A spectre is haunting Middle England– the spectre of INFLATION!
So starts Marx, except he was talking about Communism. We’ve got a different problem in today’s world and that is INFLATION! Or in other words, there’s too much money and not enough things to buy with it. The cost of everything is going up and nobody is happy about it.* It’s not great for those on fixed incomes or cash savings and if you are not getting a pay rise then you are getting paid less. The Lady recently got a nice “pay rise” in work (well deserved) but considering inflation a cynic might just call it a “pay flat”. I on the other hand am on month 18 of a temporary (12 month 10% pay cut**).
Inflation is like a secret assassin who steals away the value of your money or if like me, your side hustle is hoarding rock salt all year round to sell it for a profit during the winter months, inflation is like rain washing what you’ve salted away!
There will be scare stories in the press – possibly over how Xmas turkeys are now just obese spring chickens that couldn’t be slaughtered this year. There will be rolling shortages of everything from oranges to olive oil. holiday cottages to cottage cheese and from toothpaste to tumeric. All adding to the angst and behind all of this will be the creepy inflation, stalking you and your Daily Mail reading relatives.
Don’t believe me? Here’s an article from the BBC – most reputable and a scary graph. Inflation may hit levels that we’ve not seen in almost two decades and that’s long enough for us to have forgotten about inflation. And when I mean forgotten about inflation, I don’t mean the usual money moanings that people have about how petrol is 2p a litre more expensive than this time last month. I’m talking about the price of some things going up significantly – you know, just like how house prices went up uncontrollably for years (but nobody minds that time of inflation). The UK has benefitted from falling inflation and interest rates for the last 20 years. It’s been a bit of an unacknowledged miracle but for many people, the last 20 years have brought unparalleled prosperity from things like: cheap mortgage and debt rates, booming stock markets, gold plated final salary pensions, rampant house price inflation (maybe even a cheeky BTL if you are savvy or holiday home because you deserve it), favourable employment market, no wars at home, benign tax regime and lashings of cream. It’s great being a lucky boomer / GenX.
The Rich Get Inflation, The Poor Get Cuts
If you want to talk about intergenerational unfairness; I found out in the 1990s that my retirement age would be 65, it’s since moved (without my consent – because I’d have said no) to 68. That’s 3 years of lost pensions, which at the New State Pension full amount of £179.60 a week is just over £28,000. To put that in perspective. That is more than I’ve paid for gas, electricity and council tax for my large, draughty, Band E house in 6 years of living here. Some groups like the WASPI women want to roll back the move from 60 – but only for them and not us.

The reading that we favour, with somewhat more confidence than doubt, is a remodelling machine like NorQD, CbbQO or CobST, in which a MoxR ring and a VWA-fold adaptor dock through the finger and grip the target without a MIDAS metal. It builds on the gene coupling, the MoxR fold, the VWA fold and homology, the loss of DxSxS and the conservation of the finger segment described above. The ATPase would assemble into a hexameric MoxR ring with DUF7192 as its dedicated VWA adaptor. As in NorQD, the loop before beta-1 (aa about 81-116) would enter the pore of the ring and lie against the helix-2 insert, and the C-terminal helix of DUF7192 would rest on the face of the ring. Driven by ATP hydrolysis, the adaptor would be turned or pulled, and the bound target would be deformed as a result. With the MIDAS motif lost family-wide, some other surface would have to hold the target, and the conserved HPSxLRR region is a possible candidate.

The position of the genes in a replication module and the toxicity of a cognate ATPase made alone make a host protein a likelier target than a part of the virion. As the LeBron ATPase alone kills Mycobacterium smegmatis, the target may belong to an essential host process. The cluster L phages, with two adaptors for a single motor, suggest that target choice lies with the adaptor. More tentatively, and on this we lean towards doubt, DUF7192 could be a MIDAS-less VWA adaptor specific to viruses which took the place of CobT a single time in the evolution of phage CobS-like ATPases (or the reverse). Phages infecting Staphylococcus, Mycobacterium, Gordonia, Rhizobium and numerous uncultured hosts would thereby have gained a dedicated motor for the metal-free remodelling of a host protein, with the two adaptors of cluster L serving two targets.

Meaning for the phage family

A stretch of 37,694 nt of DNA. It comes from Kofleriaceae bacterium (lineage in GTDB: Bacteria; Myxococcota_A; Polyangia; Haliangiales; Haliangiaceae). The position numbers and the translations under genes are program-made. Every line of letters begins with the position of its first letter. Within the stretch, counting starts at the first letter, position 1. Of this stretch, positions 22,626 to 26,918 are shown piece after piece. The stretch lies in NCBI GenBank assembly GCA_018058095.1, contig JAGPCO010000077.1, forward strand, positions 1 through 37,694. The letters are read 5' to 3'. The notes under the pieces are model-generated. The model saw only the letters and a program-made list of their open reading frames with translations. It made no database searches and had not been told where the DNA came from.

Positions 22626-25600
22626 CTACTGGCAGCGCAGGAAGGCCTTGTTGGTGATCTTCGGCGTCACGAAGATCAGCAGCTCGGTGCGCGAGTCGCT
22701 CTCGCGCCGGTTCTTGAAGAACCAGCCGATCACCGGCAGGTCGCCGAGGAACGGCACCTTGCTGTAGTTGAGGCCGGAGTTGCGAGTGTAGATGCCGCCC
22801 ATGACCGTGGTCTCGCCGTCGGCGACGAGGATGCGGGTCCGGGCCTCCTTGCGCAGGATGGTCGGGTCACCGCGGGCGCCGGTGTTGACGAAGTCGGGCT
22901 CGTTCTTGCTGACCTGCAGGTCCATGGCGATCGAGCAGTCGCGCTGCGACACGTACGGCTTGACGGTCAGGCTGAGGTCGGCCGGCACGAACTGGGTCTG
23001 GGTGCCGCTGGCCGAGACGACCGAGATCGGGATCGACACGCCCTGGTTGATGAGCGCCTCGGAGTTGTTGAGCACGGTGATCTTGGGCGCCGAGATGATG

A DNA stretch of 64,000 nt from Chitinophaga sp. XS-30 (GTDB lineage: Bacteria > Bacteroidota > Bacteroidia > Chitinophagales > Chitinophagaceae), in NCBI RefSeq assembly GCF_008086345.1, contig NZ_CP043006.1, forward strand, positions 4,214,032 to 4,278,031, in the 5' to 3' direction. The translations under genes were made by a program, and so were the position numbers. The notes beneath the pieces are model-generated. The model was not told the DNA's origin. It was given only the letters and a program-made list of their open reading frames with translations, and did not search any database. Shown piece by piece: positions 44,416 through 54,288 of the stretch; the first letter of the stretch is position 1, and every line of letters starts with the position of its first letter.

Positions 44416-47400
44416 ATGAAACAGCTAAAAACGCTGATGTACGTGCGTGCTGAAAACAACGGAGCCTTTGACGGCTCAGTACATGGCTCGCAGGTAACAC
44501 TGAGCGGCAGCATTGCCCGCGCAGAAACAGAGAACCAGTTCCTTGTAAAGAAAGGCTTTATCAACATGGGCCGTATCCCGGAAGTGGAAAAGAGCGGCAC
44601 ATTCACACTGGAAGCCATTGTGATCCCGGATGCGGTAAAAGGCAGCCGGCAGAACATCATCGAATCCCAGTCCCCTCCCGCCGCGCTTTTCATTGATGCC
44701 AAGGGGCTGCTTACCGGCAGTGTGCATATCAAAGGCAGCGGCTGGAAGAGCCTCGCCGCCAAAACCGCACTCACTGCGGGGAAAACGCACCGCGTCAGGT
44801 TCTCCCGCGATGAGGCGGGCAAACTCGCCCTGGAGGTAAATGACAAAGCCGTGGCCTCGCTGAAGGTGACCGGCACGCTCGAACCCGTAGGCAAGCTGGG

So, a bit of inflation at 6% after years of low inflation and negative real bank rates won’t do as much harm as is done elsewhere in the economy.
My understanding of economics is not perfect, but I imagine that there’s always going to be work to do (like you can’t have a nation that is healthy enough, so the NHS will always have an infinite budget) but there won’t be enough money to pay everyone to do the work. Inflation is like a hernia just about the buckle of the belt that keeps in the belly of the economy. It’s always there but you don’t want to aggravate it or you’ll be in pain!
Inflation for the Financially Independent?
I’ve been reading a bit from other bloggers and bloggers about inflation and I’d like to say that I’m not concerned. For one, you can’t do much about it. Secondly, if you can do something about it, do it and move on. I agree with what Full-time Finance says about inflation “So, I have decided to continue to monitor my expenses over those 3 years. If/when they go up, I can adjust my target rate up then.” Except I’m not even going to monitor expenses. I think that higher inflation will benefit my renewable energy investments (inflation linked prices), eat my mortgage and if it means my stocks lose out in relative/real terms, then I’m happy to remember that they’ve been on a wild ride over the last few years.
How you organise your finances is your business. Inflation is everywhere, there’s not much you can do about it – so why worry?
The real worry is how the government will go about filling its coffers after Covid. There will be groups that are taxed and taxed and taxed. And we’ve seen who that’ll be when National Insurance was raised, starting soon. That’s on the horizon for me, inflation is just scenery.
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*I am actually non-plussed about inflation. I don’t have much actual cash and our assets are resilient against inflation, pensions too and our mortgage (£130,000’s worth) is getting eaten alive by it – keep inflation coming!
**I negotiated a jump in salary when I job hopped, so not all bad news. Plus WFH suits me and saves me maybe 10% on income and has a positive impact on my work/life balance. +100% for more time with the wife and kids – so I’m a winner!